Moreover, they should be involved in all community support services. Students should also be engaged in research activities and participate in scientific meetings and conferences at local, regional, and international levels. Debates have focused on students’ feedback and students’ approaches to learning. 9 On the other hand; this study proved that the concept of student engagement is well-recognized among some of the best-known Saudi medical schools. Thus, it should be adopted and implemented in all undergraduate medical education schools worldwide.
Furthermore, the study showed that students from PBL medical schools were more inclined to accept the idea of student engagement. This could be explained by the fact that students in PBL curriculum schools had better communication, reasoning, interpersonal, presentation, and problem-solving skills.16 Therefore, students from PBL schools tend to be active and pro-active learners and are willing to engage in broader activities inside and outside the medical school. However, many students from the other two traditional medical schools have also agreed to most of the student engagement concepts. But with a lower percentage when compared to PBL medical school students. Hence, the current study does not prove that only students from PBL medical schools support the idea of student engagement since it was also supported by medical students from non-PBL medical schools.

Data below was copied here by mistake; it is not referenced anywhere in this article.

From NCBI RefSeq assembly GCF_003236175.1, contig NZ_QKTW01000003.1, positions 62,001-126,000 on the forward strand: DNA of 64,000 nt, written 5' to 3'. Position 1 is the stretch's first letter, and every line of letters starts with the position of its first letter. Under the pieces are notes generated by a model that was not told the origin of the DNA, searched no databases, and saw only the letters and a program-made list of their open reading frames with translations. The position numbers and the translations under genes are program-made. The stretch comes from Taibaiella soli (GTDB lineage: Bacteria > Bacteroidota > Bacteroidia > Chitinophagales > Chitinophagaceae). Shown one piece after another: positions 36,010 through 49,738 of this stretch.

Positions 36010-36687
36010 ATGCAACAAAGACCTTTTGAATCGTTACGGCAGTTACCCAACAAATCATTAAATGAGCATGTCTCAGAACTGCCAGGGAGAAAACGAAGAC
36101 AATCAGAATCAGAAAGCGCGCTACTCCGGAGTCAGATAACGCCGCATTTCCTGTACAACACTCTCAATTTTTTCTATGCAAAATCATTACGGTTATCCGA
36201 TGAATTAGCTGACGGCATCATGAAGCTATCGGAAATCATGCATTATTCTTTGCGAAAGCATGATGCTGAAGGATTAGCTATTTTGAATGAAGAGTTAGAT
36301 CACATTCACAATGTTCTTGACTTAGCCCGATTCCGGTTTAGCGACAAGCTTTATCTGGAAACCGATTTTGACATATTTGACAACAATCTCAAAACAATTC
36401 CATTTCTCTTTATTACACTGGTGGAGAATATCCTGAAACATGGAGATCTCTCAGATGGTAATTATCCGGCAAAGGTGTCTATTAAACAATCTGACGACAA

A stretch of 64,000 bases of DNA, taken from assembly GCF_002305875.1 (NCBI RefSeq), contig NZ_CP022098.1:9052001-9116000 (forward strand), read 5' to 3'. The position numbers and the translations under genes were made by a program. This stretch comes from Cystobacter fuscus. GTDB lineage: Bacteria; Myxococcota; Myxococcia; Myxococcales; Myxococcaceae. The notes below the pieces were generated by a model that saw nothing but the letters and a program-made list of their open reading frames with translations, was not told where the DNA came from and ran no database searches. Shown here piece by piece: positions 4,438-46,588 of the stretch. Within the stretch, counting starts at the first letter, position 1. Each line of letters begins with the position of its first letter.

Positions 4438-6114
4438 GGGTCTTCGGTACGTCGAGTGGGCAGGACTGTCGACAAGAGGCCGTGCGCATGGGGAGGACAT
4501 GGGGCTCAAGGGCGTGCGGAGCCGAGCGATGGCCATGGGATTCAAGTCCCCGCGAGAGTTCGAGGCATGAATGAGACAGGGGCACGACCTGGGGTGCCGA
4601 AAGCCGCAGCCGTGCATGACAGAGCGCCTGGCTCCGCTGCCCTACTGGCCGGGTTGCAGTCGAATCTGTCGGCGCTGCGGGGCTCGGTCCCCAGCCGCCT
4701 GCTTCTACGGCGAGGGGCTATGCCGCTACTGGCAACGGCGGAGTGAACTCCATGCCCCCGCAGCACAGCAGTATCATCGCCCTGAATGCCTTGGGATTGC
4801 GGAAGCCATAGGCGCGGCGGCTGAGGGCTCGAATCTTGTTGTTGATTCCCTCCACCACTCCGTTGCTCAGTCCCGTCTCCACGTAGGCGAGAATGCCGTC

Most of the students who agreed about students’ participation as active learners with a responsibility for their own learning were those with the highest GPAs. This was a surprising finding because it is contrary to a commonly held belief that students with the highest GPAs tend to concentrate solely on their studies to keep their GPAs as high as possible. However, those students appear to appreciate the concept of student engagement and, as they are considered the top students, they tend to seek excellence in all aspects of education, including extra-curricular activities. Therefore, a proportional relationship exists between having a high GPA and being an active learner.